The first-year Ph.D. students of the Dermatology-Immunology Group have topics in oncology and immunology, and also deal with novel imaging modalities and sexually transmitted infections. There is a student whose first publication is ready for publication, and others are also making good progress with their research. In May, the Dermatology-Immunology Group (Year 1) was named the Best Group of the Month. We spoke to one of its leaders, Dr. András Bánvölgyi.

The research topics of the first-year Ph.D. students of the Dermatology-Immunology Group are very diverse, covering almost the entire field of dermatology. “When CTM started three years ago, we had only one Ph.D. student, Dr. Fanni Meznerics, who obtained her scientific degree in two years. In the second year, we also had a Ph.D. student who enrolled in the CTM training, Noémi Galajda, who has already published a first-authored article in a D1 journal. Since their success was remarkable, this academic year, eight first-year Ph.D. students enrolled in the program. I have supervised six of them, either alone or with colleagues. Dr. Norbert Kiss, who is the other group leader and supervisor, also contributes a lot to the success of the group. Dr. Meznerics also helps us as a junior supervisor and SMS.”

Six first-year Ph.D. students of the Dermatology-Immunology Group want to become a dermatologist, one is a pharmacist and one is an internist. „Some of our students are working on oncology-related topics, while others are researching immunologic topics. We have some research on sexually transmitted infections and others on novel imaging techniques. Although the first-year students do not yet have published papers, they are all progressing well with their research. An article on sexually transmitted infections is about to be published.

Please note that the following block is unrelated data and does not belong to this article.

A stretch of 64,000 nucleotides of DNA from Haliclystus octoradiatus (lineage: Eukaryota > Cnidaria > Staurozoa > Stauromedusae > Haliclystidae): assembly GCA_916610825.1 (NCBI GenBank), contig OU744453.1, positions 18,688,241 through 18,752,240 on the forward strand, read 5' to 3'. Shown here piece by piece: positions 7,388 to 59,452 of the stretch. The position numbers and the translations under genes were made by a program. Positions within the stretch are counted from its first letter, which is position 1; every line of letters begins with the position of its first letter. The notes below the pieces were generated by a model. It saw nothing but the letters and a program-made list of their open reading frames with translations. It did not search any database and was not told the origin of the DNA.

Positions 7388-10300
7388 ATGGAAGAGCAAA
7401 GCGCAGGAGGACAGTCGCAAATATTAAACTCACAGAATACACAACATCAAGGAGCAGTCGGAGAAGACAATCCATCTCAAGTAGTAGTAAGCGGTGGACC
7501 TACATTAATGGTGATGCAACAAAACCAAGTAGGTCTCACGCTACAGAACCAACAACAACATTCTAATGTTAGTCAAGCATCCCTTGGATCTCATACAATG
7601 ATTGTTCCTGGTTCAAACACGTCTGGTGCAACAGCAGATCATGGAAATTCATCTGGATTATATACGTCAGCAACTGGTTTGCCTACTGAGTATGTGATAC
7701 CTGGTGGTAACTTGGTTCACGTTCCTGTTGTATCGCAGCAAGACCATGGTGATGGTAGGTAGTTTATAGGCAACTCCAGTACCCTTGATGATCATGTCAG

“This research is quite unique. It would be the first meta-analysis in the world focusing on the prevention of bacterial STIs. In this meta-analysis, we are investigating the efficacy and safety of doxycycline in preventing sexually transmitted infections. Our meta-analysis showed that using this antibiotic within 72 hours after sexual intercourse is effective against chlamydia and syphilis, and perhaps it may be effective against gonorrhea.” This preventive method could be used in high-risk groups, such as the MSM (men who have sex with men) group. The researchers do believe that the preventive treatment with doxycycline would not increase the risk of resistance, as this antibiotic has been used for years for syphilis and chlamydia, and no resistant bacteria has been described so far.

“We are optimistic that by this September, more of our students will have their first publications ready to be submitted to reviewers or even accepted. I think it is beneficial that our students support each other in their work, and I think this contributes to the success of the group.”

(Szabó Emese)